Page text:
The seventh running of UNIQA CSI** Budapest, began with the announcement of a new agreement to establish cooperation between the Hungarian Equestrian Federation and the Ministry of Agriculture citing the show as the market place of all equestrian businesses in Hungary. This was a first for the European horse world as the government in Hungary have specifically decided that using horses as a marketing tool in the way forward to promoting both agriculture and country pursuits. Dr Jármy Miklós, who is the veterinary member of the board at the Federation explained that the newly signed document would help the show, founded by the carriage driving Lazlo brothers, grow for future years.
"Unfortunately, we had a combination of circumstances this year which meant the show had to change dates and run over two days instead of three and this then had a financial impact so we lost the FEI World Cup showjumping qualifier, but this agreement with a government agency will help address some of those issues and we will hope to be back to a three day 3* show next year. The government in Hungary completely recognises that the raising of animals in the country side creates jobs and it is not just about the five state owned studs but also the private civilian sector that encourages this. Because of our socialist history, the balance between state and civil stake holders has not been quite right but we hope this agreement will address this."
CSI Budapest was the first indoor three star show in the region and the loss of both the ranking and the qualifier have meant a trek to Slovenia for the nearest replacement. But the Hungarians are to be applauded for their forward thinking with regard to equestrian business. "If you look at this show" continued Dr Miklós, "you will see it is not just FEI sport here but a coming together of all horse people and the government has seen that the horse is the most marketable of animals and encouraging growth in the horse industry will also help other non mechanised industries."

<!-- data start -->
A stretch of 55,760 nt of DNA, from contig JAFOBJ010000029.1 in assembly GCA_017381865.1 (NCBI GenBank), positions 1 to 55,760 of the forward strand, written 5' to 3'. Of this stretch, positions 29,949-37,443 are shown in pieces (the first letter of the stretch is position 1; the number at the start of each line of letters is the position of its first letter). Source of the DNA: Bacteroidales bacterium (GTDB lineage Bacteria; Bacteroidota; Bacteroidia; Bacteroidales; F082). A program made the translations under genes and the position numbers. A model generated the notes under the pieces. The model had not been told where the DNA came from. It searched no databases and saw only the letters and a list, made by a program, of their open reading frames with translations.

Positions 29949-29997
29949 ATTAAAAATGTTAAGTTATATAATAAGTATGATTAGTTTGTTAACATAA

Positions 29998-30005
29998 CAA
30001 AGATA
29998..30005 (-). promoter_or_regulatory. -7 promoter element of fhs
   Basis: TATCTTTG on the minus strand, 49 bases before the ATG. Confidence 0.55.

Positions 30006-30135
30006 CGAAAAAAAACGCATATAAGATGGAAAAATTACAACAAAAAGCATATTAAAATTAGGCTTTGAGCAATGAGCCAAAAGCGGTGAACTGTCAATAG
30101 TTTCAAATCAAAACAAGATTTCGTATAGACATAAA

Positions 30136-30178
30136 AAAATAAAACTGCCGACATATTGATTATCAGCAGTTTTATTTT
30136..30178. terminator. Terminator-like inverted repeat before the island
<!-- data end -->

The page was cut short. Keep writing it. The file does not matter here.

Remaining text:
The jumping began with the usual speed class but there was nothing mundane about the result, which prompted a few tears to be shed amongst the audience when James Wingrave galloped to victory on Achlleus. The British born rider who has made Hungary his home for over ten years and represented them in countless Nations Cups and a World Championship has spent a few years in the showjumping wilderness after his then best horse was sold prior to the 2010 World Championships. A broken leg in the meantime didn't help but these turn out to be minor misfortunes in comparison when James' longtime friend and mentor, Michael Bullman, passed away suddenly in August.